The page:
Federal High School Initiative Modeled After a School With No Proven Track Record
Much of the attention around President Obama’s new competitive grant program for high schools focuses on a Brooklyn school that partners with the City University of New York (CUNY) and IBM to offer college coursework and computer science training. But since Pathways in Technology Early College High School (P-Tech) opened in 2011, it doesn’t yet have a graduating class — which begs the question: Is P-Tech a model that should be scaled? And is it even scalable?
P-Tech is unique for a high school, in that it will eventually house grades nine through 14. The grade configuration affords students the opportunity to earn an associate degree at CUNY before leaving high school. But it also means that P-Tech is still three years away from having a graduating class — and even further from the opportunity to boast of postsecondary or workforce successes.
Still, there is reason to be hopeful. P-Tech builds upon the Early College High School model, a decade-old reform that co-enrolls students in high school and college courses, typically in partnership with a community college. Research documents that Early College students graduate from high school and enroll in college at higher rates than otherwise similar peers. What’s more, many Early Colleges aim to serve students who are traditionally underrepresented on college campuses, meaning they have the potential to narrow inexcusable gaps in college access.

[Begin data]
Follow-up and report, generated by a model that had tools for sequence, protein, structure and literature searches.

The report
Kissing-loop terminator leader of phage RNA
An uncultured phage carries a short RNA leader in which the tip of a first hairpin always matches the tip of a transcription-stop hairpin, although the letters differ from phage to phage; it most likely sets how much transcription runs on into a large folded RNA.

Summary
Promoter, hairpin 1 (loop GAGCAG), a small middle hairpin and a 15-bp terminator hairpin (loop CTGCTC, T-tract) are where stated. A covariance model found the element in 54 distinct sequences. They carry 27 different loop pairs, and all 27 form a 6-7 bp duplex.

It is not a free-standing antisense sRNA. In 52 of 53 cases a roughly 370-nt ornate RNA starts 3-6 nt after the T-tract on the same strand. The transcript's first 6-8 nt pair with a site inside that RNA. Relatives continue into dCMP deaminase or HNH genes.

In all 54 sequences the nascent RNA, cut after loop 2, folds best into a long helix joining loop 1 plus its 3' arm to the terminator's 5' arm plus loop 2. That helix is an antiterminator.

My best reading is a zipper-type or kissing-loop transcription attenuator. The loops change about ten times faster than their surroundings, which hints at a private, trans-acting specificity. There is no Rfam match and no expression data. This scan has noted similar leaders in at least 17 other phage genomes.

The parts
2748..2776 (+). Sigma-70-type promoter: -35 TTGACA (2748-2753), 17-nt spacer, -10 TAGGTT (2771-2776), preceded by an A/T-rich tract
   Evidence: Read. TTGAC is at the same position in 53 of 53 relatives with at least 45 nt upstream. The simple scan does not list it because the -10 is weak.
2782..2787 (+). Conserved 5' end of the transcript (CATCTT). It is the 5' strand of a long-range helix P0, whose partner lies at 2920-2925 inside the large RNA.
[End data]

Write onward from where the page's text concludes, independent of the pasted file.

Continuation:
So, exposure to college-level coursework at P-Tech could really pay off. And, it can’t hurt that students likely recognize they are under the watchful eye of the president of the United States.
However, the structure and focus at P-Tech raise questions as well. For example, will the model result in positive learning outcomes for students? Research on Early Colleges suggests that achievement outcomes are mixed, and indeed, the first year of achievement data at P-Tech reveals impressive results in algebra, but mediocre results in English. Second, although P-Tech’s partnership with IBM is a positive response to the city’s workforce demands, is it appropriate to lock students into a career pathway at the age of 14 or 15?
Regardless, P-Tech now serves as the exemplar for Obama’s new competitive grant program, Youth CareerConnect, which aims to spur innovation and career-academic integration in high schools. The program will confer between 25 and 40 multi-million dollar grants to partnerships of districts, businesses, and institutions of higher education. Unlike other education initiatives that are housed in the Department of Education, this program sits within the Department of Labor, meaning it could potentially prioritize workforce needs rather than educational best practice. But, with the announcement occurring just days ago, it’s probably too early to call — much like the student outcomes at P-Tech.
This post was updated to include the correct link to P-Tech’s achievement data.